Gainesville Municipal Airport

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Gainesville Municipal Airport
Gainesville-11jan1996.jpg
IATA: GLEICAO: KGLEFAA LID: GLE
Summary
Airport type Public
Owner City of Gainesville
Serves Gainesville, Texas
Elevation AMSL 845 ft / 258 m
Coordinates 33°39′05″N 097°11′49″W / 33.65139°N 97.19694°W / 33.65139; -97.19694
Runways
Direction Length Surface
ft m
12/30 4,296 1,309 Asphalt
17/35 6,000 1,829 Asphalt
Statistics (2005)
Aircraft operations 20,200
Based aircraft 70
Gainesville MAP is located in Texas
Gainesville MAP
Gainesville MAP
Location of Gainesville Municipal Airport, Texas

Gainesville Municipal Airport (IATA: GLEICAO: KGLEFAA LID: GLE) is a public-use airport located three miles (5 km) west of the central business district of Gainesville, a city in Cooke County, Texas, United States. It is owned and operated by the City of Gainesville.[1]

History[edit]

The airport was opened in August 1941 as Gainesville Army Airfield and was used by the United States Army Air Forces Third Air Force as a training base to provide photographic intelligence for air and ground forces.

Known units which trained at Gainesville were the 8th and 426th Reconnaissance Groups. They flew a wide variety of aircraft, including the P-38 Lightning (F-5), P-51 Mustang (F-6), B-24 Liberator (F-7) and P-40 Warhawk.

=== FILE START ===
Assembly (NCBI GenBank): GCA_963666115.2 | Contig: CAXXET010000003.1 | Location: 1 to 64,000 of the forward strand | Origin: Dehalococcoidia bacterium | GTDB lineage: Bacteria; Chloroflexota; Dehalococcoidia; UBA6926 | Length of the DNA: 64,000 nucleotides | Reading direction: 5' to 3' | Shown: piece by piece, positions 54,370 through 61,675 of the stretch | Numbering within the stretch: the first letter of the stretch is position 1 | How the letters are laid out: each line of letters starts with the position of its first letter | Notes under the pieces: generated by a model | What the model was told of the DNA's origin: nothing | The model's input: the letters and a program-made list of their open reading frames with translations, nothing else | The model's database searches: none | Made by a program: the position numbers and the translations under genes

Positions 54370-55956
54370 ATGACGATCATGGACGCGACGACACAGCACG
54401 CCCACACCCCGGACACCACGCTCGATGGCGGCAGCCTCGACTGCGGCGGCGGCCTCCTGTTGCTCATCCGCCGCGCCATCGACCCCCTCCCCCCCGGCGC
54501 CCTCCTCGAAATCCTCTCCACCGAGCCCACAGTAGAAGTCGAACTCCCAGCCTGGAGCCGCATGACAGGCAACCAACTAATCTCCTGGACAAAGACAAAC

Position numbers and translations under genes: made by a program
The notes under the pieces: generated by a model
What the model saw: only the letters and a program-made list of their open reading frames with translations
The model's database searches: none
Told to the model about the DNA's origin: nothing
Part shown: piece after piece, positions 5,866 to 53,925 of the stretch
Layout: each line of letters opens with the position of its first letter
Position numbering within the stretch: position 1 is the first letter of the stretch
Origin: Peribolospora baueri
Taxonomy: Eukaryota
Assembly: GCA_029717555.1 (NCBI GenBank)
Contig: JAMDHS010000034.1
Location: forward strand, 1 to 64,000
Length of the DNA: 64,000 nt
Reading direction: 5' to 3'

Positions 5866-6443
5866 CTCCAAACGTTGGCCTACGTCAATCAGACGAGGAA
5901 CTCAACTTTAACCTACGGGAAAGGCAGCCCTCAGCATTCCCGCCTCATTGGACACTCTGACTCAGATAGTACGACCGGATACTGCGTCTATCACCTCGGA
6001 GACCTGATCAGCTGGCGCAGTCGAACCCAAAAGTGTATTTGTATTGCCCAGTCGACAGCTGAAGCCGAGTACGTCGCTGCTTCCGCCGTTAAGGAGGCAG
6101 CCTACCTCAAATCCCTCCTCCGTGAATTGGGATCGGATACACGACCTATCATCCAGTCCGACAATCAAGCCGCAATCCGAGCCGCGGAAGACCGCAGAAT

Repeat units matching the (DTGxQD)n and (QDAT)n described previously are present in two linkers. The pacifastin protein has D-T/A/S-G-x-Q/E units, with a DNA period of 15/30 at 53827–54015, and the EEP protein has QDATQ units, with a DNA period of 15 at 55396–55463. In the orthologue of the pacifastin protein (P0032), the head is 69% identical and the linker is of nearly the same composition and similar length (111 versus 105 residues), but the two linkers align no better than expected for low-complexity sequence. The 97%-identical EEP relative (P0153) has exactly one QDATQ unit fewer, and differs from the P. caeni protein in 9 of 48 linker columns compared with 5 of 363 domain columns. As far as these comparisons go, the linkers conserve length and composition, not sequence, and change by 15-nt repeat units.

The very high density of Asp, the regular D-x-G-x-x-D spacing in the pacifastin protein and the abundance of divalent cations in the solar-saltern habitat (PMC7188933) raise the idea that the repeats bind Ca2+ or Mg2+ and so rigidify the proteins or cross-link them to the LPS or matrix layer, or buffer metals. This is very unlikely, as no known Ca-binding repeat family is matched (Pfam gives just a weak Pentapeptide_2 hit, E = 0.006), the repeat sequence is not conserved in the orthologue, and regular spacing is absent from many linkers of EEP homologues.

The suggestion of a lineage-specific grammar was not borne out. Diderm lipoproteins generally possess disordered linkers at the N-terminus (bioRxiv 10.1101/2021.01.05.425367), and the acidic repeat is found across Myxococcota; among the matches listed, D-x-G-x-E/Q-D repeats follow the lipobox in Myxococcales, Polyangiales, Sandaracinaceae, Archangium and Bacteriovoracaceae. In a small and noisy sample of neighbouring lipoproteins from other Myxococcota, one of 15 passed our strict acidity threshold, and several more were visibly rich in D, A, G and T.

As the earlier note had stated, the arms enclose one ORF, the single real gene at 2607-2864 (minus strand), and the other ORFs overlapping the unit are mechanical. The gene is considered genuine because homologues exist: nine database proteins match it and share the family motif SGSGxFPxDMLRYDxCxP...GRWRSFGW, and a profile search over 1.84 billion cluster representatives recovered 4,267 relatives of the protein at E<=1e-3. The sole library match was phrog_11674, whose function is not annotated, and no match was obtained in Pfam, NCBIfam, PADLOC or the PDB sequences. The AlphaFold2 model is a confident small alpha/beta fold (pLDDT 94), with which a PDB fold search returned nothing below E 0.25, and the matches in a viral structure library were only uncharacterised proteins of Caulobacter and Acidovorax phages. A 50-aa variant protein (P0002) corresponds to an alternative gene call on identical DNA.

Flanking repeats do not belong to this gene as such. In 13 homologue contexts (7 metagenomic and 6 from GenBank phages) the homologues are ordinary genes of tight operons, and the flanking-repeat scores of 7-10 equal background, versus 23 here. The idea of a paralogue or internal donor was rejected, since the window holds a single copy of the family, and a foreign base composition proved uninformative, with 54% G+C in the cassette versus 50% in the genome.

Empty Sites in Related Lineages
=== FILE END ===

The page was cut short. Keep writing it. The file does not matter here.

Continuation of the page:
The 8th Reconnaissance group was deployed to India in 1944 to support 10th and 14th Air Forces in the China-Burma-India (CBI) Theater.

Reassigned from Third Air Force in April 1944 to AAF Central Flying Training Command. Hosted AAF Pilot School (Advanced, Single Engine). At the end of the war the airfield was determined to be excess by the military and turned over to the local government for civil use.

Facilities and aircraft[edit]

Gainesville Municipal Airport covers an area of 1,336 acres (541 ha) which contains two asphalt paved runways: 17/35 measuring 6,000 x 100 ft (1,829 x 30 m) and 12/30 measuring 4,296 x 80 ft (1,309 x 24 m).[1]

For the 12-month period ending August 30, 2005, the airport had 20,200 aircraft operations, an average of 55 per day: 99.5% general aviation and 0.5% military. At that time there were 70 aircraft based at this airport: 66% single-engine, 21% multi-engine, 9% jet, 3% helicopter and 1% ultralight.[1]

See also[edit]

References[edit]

 This article incorporates public domain material from websites or documents of the Air Force Historical Research Agency.

  • Shaw, Frederick J. (2004), Locating Air Force Base Sites History’s Legacy, Air Force History and Museums Program, United States Air Force, Washington DC, 2004.
  • Manning, Thomas A. (2005), History of Air Education and Training Command, 1942–2002. Office of History and Research, Headquarters, AETC, Randolph AFB, Texas ASIN: B000NYX3PC
  • Thole, Lou (1999), Forgotten Fields of America : World War II Bases and Training, Then and Now - Vol. 2. Publisher: Pictorial Histories Pub, ISBN 1-57510-051-7
  1. ^ a b c d FAA Airport Master Record for GLE (Form 5010 PDF), effective 2007-12-20

External links[edit]